A roomful of children cheerfully cut hearts from luminescent gold paper, stencil dancing blue dolphins onto ocean scenes and paint smiling faces onto white ceramic mini Beijing opera masks. The charity foundation Chi Heng brought them from the provincial townships of their native Henan province to Shanghai for a summer camp that gives them a broader vision of the world that surrounds them and of the opportunities that await them. The art night was a session of therapy, but these children--orphans of HIV-AIDS--were not expressing sadness. They were expressing childlike joy and wonder.
"That looks like the shark we saw today at the aquarium! Just like it!" One coltish teen robustly praised a wiry younger boy.
"This is going to be the perfect house for a girl and her pony," mused a little girl who was working alongside a chubby-cheeked somber little fellow.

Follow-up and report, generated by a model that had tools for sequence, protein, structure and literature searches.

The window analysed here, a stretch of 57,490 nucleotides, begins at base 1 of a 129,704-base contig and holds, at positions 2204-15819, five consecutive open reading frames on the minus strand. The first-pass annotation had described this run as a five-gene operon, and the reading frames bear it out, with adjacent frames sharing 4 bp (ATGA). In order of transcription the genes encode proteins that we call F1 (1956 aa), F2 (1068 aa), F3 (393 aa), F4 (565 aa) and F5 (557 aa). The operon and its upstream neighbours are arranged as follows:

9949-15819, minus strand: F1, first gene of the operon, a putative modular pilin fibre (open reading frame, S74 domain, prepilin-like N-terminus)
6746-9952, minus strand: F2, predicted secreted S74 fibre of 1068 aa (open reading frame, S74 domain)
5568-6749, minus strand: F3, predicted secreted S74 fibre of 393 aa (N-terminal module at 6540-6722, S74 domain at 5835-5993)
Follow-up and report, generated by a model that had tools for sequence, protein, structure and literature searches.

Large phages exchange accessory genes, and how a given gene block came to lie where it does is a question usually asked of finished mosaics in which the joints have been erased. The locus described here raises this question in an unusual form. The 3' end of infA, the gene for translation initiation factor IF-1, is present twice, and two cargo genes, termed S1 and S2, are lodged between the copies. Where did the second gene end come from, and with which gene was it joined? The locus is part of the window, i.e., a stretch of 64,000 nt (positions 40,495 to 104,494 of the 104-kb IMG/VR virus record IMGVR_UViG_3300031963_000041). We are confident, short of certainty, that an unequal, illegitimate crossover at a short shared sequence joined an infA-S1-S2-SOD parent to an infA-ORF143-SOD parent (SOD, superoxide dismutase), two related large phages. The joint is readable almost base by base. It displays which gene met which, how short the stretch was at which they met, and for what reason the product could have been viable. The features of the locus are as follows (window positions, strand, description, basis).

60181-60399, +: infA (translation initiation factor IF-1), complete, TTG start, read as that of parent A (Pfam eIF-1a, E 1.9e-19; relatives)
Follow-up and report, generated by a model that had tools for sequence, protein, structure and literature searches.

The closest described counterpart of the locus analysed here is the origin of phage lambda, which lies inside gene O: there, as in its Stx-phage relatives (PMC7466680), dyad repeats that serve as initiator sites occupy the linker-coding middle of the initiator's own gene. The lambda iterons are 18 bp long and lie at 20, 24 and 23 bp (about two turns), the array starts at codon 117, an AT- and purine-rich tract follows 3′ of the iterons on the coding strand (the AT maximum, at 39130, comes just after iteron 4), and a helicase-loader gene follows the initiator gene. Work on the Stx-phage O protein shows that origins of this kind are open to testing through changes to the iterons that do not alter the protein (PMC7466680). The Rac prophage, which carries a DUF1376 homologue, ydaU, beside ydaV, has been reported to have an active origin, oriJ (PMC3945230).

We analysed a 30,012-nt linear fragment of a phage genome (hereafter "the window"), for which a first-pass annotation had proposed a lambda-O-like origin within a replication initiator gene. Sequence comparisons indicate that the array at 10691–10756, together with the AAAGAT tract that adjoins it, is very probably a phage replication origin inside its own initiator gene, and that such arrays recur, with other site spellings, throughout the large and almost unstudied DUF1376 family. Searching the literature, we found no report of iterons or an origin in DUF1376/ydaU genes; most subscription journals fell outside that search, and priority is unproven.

"This is YOU teacher!" exclaimed a jocular tyke pointing to a drawing of a woman with cat ears.
After a farewell dinner celebrating their lives and solidarity, the students returned to begin their autumn semester.
Through the handful of events I attended, I witnessed the growing sense of camaraderie among the children; I saw how the older ones looked out for, instructed and encouraged the younger children. This is precisely what Chi Heng founder Chung To is aiming for: children empowering each other and emboldening each other to dream boundlessly even in the face of tragedy.
In China, particularly in poor regions such as Henan province, entire communities have been wiped out by HIV-AIDS after poor residents selling blood contract the disease through unsanitary needles. Currently 4,000 AIDS orphans receive help from Chi Heng, but a recent study by UNICEF estimates that by 2010, there will be a total of 500,000 children living in China who have contracted the disease, have been orphaned by the disease or are living in households with a least one HIV-positive parent. Most children still face this darkness alone.
To understand better the philosophy of Chi Heng and their work with those most vulnerable to HIV-AIDS in China, I interviewed Chung To. Please find the full transcript here.